Tuesday, 28 February 2017

TSVI LUKATSHEVSKI

TSVI LUKATSHEVSKI (d. August 20, 1943)
            He was born in Rozhinoy (Ruzhany), the son of a manufacturer.  He studied in religious elementary schools, later graduating from a high school in Vilna, and later still studying in Warsaw, Prague, and Lemberg Universities; he initially studied philosophy and later medicine before becoming a doctor.  He began writing for Y.-Kh. Tavyov’s children’s magazine Haḥaver (The friend), and later published sketches, features, and articles in: Hatsfira (The times), Haolam (The world), Hayom (Today), Lemberg’s Chwila (Moment) in Polish, Hadoar (The mail), Di tsayt (The times), and Byalistoker shtime (Voice of Bialystok) in New York; and in Bialystok: Dos naye lebn (The new life), Gut morgn (Good morning), Byalistoker almanakh (Bialystok almanakh), and Undzer lebn (Our life), for which he was a regular contributor.  He was a committee member of Bialystok TOZ (Towarzystwo Ochrony Zdrowia [Society for the protection of health]) and a speaker on popular scientific topics.  He was elected a city councilman in 1934 on the Mizrachi electoral slate.  He was a member of the Yiddish literary circle and vice-chair of the Hebrew literary association.  He was the chief doctor of “Gikhe hilf” (emergency assistance) in Bialystok.  Under the Nazi authorities, he worked in the ghetto hospital on Fabryczne, where he was—together with the 200 sick patients in the hospital—murdered on August 20, 1943.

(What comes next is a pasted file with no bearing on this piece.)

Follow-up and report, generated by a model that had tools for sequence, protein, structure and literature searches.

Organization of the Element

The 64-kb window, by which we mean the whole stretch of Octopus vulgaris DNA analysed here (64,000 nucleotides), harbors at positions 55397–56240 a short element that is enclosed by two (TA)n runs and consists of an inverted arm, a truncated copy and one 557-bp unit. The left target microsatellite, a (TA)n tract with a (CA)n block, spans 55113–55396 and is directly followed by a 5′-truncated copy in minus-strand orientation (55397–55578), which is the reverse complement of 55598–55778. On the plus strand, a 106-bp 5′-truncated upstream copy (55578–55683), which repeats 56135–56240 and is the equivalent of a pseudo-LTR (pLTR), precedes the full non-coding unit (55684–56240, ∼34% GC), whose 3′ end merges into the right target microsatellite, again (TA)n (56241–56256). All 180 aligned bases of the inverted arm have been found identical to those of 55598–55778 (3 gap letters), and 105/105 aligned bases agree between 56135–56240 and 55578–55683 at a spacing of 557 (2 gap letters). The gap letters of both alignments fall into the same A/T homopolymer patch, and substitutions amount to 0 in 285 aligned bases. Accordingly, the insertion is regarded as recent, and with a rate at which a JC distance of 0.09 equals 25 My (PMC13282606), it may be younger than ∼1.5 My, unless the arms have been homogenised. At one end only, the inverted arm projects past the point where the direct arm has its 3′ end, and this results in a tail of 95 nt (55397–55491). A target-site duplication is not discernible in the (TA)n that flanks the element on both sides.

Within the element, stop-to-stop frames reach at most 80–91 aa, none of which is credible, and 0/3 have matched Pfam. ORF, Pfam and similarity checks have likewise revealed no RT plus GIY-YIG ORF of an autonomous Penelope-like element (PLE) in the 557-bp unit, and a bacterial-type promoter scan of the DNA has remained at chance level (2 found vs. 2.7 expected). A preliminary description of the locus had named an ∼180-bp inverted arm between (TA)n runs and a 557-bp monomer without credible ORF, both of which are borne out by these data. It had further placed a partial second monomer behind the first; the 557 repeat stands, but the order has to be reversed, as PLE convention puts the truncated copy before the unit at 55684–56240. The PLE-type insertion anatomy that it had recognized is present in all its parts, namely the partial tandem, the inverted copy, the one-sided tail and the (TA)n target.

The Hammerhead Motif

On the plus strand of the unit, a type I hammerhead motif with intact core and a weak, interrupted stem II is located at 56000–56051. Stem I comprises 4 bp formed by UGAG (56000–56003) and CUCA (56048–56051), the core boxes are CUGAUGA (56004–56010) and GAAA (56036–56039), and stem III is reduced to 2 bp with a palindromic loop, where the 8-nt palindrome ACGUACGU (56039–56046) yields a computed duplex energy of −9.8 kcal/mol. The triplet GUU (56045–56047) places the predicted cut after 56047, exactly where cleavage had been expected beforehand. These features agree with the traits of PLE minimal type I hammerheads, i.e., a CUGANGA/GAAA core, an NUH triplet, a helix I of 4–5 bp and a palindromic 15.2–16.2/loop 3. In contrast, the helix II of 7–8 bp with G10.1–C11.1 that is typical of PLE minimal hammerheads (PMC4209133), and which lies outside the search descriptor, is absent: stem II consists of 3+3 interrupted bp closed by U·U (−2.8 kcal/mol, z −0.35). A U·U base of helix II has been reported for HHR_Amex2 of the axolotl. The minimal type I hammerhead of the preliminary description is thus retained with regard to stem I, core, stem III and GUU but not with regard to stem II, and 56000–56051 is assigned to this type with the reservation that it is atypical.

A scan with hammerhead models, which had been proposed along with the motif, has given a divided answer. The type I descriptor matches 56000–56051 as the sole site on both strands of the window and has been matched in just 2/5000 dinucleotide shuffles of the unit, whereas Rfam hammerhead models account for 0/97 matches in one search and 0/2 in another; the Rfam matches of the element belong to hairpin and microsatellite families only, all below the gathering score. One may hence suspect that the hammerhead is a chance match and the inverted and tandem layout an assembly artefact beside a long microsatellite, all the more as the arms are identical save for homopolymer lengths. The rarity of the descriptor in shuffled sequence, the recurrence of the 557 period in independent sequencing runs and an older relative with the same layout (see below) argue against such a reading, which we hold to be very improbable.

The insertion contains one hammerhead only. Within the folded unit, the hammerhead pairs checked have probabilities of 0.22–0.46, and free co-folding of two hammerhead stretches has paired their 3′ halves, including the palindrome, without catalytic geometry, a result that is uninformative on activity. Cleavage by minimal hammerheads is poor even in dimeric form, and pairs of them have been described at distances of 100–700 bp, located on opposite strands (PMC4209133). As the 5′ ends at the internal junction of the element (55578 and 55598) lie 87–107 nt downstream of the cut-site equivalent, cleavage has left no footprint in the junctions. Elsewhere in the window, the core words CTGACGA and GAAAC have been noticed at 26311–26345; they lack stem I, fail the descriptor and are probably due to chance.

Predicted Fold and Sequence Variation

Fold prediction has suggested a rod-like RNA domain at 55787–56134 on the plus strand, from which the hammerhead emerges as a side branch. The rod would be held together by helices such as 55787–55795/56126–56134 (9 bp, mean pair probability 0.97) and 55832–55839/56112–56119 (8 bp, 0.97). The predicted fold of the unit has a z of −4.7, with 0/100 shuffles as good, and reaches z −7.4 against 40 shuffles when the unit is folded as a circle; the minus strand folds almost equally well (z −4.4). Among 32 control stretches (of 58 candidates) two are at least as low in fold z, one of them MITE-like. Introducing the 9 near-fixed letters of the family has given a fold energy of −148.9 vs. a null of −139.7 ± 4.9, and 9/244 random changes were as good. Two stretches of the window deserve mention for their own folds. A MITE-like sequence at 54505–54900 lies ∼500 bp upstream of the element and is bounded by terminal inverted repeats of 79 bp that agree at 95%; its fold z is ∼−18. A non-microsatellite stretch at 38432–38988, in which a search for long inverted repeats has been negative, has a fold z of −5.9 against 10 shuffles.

Sources: Di tsayt (New York) (December 26, 1920); Byalistoker shtime (New York) (October 1924); Dos naye leben (Bialystok) (jubilee issue, 1919-1929); Byalistoker almanakh (1931); Gut morgn (Bialystok) (December 29, 1933); Byalistoker leksikon (Bialystok handbook) (Bialystok, 1935); Undzer lebn (Bialystok) (September 30, 1937); Ts. Klementinovski, Lebn un umkum in byalistoker geto (Life and destruction in the Bialystok ghetto) (New York, 1946); R. Rayzner, Der umkum fun byalistoker geto 1939-1945 (The destruction of Judaism in Bialystok, 1939-1945) (Melbourne, 1948), p. 199.
Yankev Kahan


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